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From bad to worse for Walvis Bay drydock operator – more retrenchments announced this week

From bad to worse for Walvis Bay drydock operator – more retrenchments announced this week

Operational conditions for the Walvis Bay drydock operator, Elgin Brown & Hamer Namibia (EBH) continued to worsen during 2017. This week the company announced another round of retrenchments following the extensive downsizing that began in August 2016.

EBH’s former Chief Executive, Hannes Uys, who has been managing the downscaling process, himself became a victim of his company’s misfortunes during 2017 when he relinquished his position and was replaced by Heritha Nankole Muyoba in an acting capacity.

Announcing the further retrenchments late on Friday afternoon, Muyoba assured all affected parties that EBH remains committed to follow due process by complying with all legislative requirements and ensuring that the restructuring is conducted with a high level of professionalism, sensitivity and fairness.

EBH staff members were initially briefed about the possibility of further restructuring on 7 December 2017. Formal notification was issued to the Office of the Labour Commissioner, the recognised Union (MMMC) and non-bargaining unit on Monday 22 January 2018. Negotiations with the union began a day later on Tuesday.

“To keep compulsory retrenchments to a minimum, early retirement and voluntary retrenchment options will be offered to all EBH Namibia employees,” the company stated.

During 2016 EBH experienced a collapse of its clientele, booking a 50% decline in dockings. This prompted the first round of restructuring. Despite several notable jobs in 2017, the ship repair company could not improve its balance sheet.

“Despite these measures, continuing economic pressures have required the company to further address its employment dispensation, in order to ensure continued viability going forward,” said Muyoba.

EBH Namibia used to employ 551 individuals. In 2016, 102 people were retrenched.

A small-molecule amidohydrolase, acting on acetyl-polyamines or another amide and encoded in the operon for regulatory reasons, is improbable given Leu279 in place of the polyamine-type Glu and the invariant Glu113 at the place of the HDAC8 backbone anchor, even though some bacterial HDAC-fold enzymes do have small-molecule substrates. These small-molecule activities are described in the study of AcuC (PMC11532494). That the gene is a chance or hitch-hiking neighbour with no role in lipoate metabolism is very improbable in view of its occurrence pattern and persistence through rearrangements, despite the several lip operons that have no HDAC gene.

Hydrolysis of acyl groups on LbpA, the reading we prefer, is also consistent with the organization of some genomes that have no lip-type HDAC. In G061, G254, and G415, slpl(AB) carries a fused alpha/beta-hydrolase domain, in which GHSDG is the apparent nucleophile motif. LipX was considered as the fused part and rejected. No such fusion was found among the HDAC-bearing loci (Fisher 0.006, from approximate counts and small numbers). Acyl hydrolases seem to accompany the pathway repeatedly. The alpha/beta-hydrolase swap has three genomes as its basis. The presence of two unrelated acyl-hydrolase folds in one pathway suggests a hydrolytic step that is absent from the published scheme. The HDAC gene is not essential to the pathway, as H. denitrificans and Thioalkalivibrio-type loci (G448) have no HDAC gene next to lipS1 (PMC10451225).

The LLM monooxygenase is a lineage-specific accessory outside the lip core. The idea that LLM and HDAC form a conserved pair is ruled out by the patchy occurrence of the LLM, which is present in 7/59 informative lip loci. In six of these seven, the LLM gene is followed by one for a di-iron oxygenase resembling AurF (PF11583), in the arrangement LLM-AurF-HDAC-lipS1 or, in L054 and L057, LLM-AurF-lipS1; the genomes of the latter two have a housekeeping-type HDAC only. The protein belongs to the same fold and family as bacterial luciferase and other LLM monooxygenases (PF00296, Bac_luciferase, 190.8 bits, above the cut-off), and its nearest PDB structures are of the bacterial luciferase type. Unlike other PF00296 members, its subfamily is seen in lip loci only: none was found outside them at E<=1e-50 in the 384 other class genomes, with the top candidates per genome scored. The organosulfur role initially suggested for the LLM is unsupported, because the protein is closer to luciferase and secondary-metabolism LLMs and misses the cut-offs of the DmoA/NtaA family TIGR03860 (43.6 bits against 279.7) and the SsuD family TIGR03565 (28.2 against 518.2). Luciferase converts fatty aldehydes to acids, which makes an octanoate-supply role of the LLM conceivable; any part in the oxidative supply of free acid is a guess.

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About The Author

Daniel Steinmann

Educated at the University of Pretoria: BA(hons), BD. Postgraduate degrees in Philosophy and Divinity. Publisher and Editor of the Namibia Economist since Febreuary 1991. Daniel Steinmann has steered the Economist as editor for the past 31 years. The Economist started as a monthly free-sheet, then moved to a weekly paper edition (1996 to 2016), and on 01 December 2016 to a daily digital newspaper at It is the first Namibian newspaper to go fully digital. He is an authority on macro-economics having established a sound record of budget analysis, strategic planning and assessing the impact of policy formulation. For eight years, he hosted a weekly talk-show on NBC Radio, explaining complex economic concepts to a lay audience in a relaxed, conversational manner. He was a founding member of the Editors' Forum of Namibia. Over the years, he has mentored hundreds of journalism students as interns and as young professional journalists. He regularly helps economics students, both graduate and post-graduate, to prepare for examinations and moderator reviews. He is the Namibian respondent for the World Economic Survey conducted every quarter for the Ifo Center for Business Cycle Analysis and Surveys at the University of Munich in Germany. Since October 2021, he conducts a weekly talkshow on Radio Energy, again for a lay audience. Send comments or enquiries to [email protected]

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